Saturday Nov 24, 2007

On Bluetooth Headsets

    I have really come to appreciate a bluetooth headset as an accessary for a cell phone. I detest not having both hands free to drive with, but find talking on a cell phone no more distracting than arguing with talk radio. Perhaps I should get rid of radio as well, but I'm not one to abdicate all responsibility just because something might happen. So I've always used a headset for my various cell phones when driving, but found the wired kind were too awkward for use when not driving, and often awkward when driving. They also would wear out every couple of months due to broken wires, so even replacing them with the cheapest I could find was costing money and a regular effort. I thought that maybe a wireless headset might resolve that problem. I started with a Motorola HS850 I bought from eBay, used with my old Nokia 6130i, and found it not quite what I was hoping. It seemed to lack oomph, and was a bit flaky. After it ended up on the wrong end of a bit of road rage, I tried a Motorla H700. I liked the folding boom concept, and I read that older models weren't great, but the newer B revs were. I ended up with a B rev, and found it much better. It was lighter, and I found it so comfortable that I would wear it all day and forget I had it on.

    I enjoyed it for close to a year, and then a month or so ago, it started acting up. It would drop it's connection to the phone at random times, and sometimes reconnect right away. It started to refuse to connect, which got really annoying just before a long con call. Googling the web for how to reset turned up repeated suggestions that plugging it into it's charger for less than 5 seconds was supposed to reset it. Sounds like an odd way to reset particularly when it seems like a not unlikely thing to happen by accident. Anyway, it did not seem to help my situation any. I tried deleting the pairing from the phone, but got exceedingly frustrated trying to get the headset in pairing mode. Even when I did manage to get them paired again, it still acted flaky. I thought a power removal reset was my last hope, but since it has a built in rechargeable battery, that was not going to be easy. I decided to try leaving it on until it ran out, and then, as if to taunt me, it worked without any problems for 4 days before it finally ran out o juice. Made for some interesting explanations, as I started a day or 2 before I went camping at a state park with some friends, and ended up with it on most of the trip.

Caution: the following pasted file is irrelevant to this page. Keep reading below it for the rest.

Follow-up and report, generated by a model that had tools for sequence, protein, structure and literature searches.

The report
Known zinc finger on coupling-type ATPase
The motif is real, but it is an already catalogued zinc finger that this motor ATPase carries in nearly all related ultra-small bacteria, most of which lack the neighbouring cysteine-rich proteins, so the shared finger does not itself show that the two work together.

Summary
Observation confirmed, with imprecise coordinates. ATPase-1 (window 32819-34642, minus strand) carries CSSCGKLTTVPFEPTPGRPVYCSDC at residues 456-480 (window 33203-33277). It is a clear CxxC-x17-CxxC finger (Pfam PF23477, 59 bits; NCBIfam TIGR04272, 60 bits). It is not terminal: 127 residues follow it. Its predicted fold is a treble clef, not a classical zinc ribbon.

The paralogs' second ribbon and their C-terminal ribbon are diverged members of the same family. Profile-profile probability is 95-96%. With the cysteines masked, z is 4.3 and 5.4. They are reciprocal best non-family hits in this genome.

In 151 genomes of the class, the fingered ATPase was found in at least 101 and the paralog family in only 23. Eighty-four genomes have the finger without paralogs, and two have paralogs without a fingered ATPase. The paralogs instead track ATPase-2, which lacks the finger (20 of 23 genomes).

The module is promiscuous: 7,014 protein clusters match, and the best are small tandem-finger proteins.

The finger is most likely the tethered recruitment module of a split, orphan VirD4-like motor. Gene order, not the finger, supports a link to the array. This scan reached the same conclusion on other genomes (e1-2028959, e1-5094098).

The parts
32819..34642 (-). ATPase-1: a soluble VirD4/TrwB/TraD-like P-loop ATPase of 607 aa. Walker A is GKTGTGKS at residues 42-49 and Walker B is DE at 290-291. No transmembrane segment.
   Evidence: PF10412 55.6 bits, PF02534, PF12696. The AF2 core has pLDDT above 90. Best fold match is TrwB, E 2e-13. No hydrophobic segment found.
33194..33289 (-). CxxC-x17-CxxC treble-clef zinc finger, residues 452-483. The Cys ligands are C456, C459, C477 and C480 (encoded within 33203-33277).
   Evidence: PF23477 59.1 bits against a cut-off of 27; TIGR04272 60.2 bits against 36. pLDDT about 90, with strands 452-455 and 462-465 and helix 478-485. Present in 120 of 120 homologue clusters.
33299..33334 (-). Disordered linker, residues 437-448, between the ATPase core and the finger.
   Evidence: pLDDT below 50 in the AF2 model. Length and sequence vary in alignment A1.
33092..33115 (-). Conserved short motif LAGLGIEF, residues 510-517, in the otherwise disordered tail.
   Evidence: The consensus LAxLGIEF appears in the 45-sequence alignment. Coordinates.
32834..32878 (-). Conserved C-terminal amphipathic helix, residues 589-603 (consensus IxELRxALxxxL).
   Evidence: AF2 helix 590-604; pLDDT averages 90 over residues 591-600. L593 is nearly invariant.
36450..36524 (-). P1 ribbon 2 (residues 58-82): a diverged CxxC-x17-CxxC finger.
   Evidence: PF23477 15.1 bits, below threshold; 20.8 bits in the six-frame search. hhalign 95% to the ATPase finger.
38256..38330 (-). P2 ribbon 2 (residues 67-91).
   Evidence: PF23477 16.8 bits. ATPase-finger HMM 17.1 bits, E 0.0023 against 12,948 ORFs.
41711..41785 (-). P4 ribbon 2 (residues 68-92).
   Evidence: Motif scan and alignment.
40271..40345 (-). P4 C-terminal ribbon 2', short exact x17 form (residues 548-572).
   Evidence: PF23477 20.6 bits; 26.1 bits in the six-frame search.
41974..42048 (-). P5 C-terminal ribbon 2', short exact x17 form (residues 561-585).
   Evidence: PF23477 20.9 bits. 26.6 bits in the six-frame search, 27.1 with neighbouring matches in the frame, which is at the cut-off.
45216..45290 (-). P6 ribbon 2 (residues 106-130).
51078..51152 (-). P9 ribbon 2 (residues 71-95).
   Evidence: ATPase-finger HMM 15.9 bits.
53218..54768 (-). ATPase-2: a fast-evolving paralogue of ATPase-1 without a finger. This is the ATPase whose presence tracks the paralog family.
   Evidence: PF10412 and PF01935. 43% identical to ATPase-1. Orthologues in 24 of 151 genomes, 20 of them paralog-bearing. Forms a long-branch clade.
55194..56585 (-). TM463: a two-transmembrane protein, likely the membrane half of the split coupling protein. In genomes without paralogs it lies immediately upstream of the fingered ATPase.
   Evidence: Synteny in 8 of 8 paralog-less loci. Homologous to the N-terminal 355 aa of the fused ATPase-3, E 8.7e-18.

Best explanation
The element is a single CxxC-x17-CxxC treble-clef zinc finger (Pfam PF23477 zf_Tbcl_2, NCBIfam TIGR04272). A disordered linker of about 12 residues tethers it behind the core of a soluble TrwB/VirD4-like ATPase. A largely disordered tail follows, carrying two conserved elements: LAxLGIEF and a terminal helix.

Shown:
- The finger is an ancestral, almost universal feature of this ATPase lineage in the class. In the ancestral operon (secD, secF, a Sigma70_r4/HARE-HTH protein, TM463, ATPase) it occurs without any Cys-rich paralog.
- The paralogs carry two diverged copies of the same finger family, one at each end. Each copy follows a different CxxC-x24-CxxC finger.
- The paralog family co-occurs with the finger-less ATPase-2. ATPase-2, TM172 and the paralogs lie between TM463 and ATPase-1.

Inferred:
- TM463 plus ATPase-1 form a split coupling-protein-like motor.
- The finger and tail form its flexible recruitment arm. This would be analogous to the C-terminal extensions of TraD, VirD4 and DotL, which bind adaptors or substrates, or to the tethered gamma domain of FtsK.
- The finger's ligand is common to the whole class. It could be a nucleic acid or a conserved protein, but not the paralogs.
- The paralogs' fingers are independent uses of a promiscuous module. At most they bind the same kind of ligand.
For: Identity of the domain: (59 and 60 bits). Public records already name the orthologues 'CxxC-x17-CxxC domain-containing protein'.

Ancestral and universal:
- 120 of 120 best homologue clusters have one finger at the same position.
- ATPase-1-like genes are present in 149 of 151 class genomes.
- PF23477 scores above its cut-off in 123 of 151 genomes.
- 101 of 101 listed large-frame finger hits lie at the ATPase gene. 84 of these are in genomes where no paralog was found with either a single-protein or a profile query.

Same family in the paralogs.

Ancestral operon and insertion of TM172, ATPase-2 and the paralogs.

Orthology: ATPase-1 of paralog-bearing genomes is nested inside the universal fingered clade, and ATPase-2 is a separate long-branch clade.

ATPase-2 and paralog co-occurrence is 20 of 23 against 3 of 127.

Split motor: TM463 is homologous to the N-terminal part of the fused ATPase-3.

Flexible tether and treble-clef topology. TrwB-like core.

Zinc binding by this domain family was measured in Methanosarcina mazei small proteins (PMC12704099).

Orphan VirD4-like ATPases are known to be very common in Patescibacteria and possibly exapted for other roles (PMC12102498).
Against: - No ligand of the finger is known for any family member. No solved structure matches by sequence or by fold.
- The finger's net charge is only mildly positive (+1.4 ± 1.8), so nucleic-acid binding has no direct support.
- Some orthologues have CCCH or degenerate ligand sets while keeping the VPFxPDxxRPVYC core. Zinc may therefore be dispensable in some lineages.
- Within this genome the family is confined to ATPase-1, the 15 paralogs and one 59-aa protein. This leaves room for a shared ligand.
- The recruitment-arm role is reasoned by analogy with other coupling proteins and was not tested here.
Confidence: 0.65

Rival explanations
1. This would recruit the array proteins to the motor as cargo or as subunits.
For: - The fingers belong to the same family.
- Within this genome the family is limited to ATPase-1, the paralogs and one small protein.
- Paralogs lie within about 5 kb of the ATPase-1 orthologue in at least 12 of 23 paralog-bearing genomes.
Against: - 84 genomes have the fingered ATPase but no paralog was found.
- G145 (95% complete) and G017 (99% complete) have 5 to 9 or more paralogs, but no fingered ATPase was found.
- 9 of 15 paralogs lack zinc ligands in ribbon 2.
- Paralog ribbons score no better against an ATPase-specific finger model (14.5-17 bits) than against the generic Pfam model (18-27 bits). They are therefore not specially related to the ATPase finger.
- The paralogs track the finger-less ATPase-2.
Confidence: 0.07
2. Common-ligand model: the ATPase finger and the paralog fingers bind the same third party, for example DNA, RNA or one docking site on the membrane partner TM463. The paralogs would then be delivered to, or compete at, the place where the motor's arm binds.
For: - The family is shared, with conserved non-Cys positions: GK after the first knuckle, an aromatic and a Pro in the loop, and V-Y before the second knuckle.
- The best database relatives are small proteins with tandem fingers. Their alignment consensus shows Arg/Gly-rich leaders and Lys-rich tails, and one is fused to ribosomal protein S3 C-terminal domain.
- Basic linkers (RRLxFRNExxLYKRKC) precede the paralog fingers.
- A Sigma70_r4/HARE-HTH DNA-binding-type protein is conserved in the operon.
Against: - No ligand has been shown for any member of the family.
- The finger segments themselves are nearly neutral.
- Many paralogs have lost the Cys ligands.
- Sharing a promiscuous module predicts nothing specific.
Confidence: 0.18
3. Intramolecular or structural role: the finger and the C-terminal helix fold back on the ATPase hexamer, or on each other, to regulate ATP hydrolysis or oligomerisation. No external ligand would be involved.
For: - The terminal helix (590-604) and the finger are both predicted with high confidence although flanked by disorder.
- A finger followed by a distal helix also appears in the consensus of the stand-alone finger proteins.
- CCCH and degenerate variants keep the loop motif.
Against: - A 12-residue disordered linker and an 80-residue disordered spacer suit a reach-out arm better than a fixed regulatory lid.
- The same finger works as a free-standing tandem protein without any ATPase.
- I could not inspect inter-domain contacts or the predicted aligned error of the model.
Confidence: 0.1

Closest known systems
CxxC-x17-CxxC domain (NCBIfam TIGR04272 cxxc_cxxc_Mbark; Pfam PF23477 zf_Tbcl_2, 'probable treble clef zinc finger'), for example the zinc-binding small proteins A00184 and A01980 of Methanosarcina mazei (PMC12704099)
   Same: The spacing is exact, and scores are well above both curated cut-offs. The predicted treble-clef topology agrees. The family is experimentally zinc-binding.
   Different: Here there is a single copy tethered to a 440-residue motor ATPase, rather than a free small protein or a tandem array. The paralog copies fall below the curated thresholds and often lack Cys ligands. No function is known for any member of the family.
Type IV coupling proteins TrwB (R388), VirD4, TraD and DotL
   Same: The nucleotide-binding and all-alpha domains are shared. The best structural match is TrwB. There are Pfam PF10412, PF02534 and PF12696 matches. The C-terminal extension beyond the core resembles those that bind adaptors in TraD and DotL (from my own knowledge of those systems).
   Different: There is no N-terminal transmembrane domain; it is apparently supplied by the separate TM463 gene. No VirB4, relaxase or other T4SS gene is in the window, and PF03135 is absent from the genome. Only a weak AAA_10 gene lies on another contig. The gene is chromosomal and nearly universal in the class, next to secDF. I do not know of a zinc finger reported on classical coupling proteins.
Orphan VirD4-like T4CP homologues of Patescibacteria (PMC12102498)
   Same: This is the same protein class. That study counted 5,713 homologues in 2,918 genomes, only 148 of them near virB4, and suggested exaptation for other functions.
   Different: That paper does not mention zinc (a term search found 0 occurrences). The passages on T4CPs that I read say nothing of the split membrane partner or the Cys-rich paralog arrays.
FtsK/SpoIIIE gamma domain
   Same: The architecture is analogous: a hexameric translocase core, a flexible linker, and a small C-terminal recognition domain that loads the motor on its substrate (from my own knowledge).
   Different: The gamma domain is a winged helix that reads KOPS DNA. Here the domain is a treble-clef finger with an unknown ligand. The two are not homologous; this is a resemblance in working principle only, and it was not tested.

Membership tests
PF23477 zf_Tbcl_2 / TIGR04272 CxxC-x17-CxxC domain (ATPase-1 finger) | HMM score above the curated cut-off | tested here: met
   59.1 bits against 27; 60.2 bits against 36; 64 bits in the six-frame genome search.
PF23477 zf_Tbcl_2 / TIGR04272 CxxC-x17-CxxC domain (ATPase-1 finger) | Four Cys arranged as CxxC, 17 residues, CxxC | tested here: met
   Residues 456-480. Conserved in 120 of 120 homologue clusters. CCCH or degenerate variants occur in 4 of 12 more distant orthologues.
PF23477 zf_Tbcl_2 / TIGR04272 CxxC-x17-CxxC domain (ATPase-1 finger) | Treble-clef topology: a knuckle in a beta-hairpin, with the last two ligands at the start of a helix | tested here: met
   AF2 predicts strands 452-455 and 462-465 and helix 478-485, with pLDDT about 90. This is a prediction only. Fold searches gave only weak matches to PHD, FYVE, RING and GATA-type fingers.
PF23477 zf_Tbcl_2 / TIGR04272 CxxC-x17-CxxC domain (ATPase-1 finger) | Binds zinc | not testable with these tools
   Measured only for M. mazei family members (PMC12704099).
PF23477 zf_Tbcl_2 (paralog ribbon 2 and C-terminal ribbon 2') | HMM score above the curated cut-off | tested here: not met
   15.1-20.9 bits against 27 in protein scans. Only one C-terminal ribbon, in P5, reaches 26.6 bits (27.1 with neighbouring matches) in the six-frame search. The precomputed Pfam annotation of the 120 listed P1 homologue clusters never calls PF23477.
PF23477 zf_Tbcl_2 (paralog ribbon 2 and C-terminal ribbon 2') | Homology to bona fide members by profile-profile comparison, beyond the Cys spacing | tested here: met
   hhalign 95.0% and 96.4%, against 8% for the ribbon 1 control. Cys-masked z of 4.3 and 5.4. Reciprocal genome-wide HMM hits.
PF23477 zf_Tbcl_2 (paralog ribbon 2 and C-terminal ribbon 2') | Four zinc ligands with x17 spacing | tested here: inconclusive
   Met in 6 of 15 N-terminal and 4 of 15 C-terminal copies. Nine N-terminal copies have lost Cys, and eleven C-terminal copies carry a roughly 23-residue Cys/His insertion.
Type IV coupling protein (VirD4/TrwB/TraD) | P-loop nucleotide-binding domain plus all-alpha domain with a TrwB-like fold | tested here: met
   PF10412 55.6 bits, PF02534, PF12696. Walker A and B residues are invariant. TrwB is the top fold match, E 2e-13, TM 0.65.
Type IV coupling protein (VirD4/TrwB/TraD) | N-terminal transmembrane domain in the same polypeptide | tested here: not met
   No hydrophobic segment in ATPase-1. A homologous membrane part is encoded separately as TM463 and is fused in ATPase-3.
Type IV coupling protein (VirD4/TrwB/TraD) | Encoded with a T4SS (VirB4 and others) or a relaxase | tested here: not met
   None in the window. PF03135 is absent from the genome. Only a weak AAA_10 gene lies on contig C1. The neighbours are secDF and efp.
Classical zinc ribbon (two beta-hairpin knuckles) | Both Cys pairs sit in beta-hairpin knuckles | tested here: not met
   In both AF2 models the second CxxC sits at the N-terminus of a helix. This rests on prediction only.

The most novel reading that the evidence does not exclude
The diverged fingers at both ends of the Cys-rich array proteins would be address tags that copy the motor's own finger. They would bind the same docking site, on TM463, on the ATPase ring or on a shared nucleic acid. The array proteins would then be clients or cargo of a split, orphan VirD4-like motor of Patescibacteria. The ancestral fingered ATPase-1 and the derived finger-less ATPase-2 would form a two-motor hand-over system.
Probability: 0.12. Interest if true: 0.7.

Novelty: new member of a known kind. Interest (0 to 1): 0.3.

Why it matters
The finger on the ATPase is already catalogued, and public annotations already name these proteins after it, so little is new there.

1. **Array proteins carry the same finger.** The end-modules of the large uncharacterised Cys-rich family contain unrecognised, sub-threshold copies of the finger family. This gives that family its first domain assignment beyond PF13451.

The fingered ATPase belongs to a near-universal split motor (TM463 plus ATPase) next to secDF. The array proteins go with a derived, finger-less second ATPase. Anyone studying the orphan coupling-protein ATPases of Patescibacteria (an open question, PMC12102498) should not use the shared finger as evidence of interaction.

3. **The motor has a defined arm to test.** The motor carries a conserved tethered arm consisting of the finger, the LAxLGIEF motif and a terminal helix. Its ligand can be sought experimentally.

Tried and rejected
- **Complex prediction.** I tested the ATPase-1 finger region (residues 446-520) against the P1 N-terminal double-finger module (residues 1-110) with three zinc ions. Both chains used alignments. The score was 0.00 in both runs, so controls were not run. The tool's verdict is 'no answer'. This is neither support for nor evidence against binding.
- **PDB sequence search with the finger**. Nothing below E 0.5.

A full recharge later, and it still wasn't better, so that's when I started researching for a new headset. I also decided to try taking it apart, which didn't seem easy, but here is the result. After carefully putting it together again, being careful in replacing the little rubber piece which acts as the switch for the boom, it seemed to be it's old self again and worked flawlessly for a week. Then, I took it off to go play basketball at lunch, and when I came back it didn't want to connect with my phone anymore. Meanwhile, my research had me leaning towards a Jabra headset. I didn't want to pay as much as a Jawbone would cost, despite it's high praise, and I wanted to get it at a local store like Best Buy, so I could try it for comfort before completely committing to it. While the Jabra BT250 got good reviews, I was concerned about the form factor. I was convinced that fit and comfort where likely to be the most important aspects of a new bluetooth headset, as I expected the quality level to be closer than the previous models I had used. I scoped out the Best buy website, as I didn't want to spend a lot on a new headset either, being the cheapy I am, and spotted the Jabra BT5010, which also seemed to get good ratings and looked cooler and hopefully more comfortable than the BT250. Since I am seriously 'addicted' to the ease of use of my bluetooth headset, I didn't waste much time toodling off to my near by Best Buy.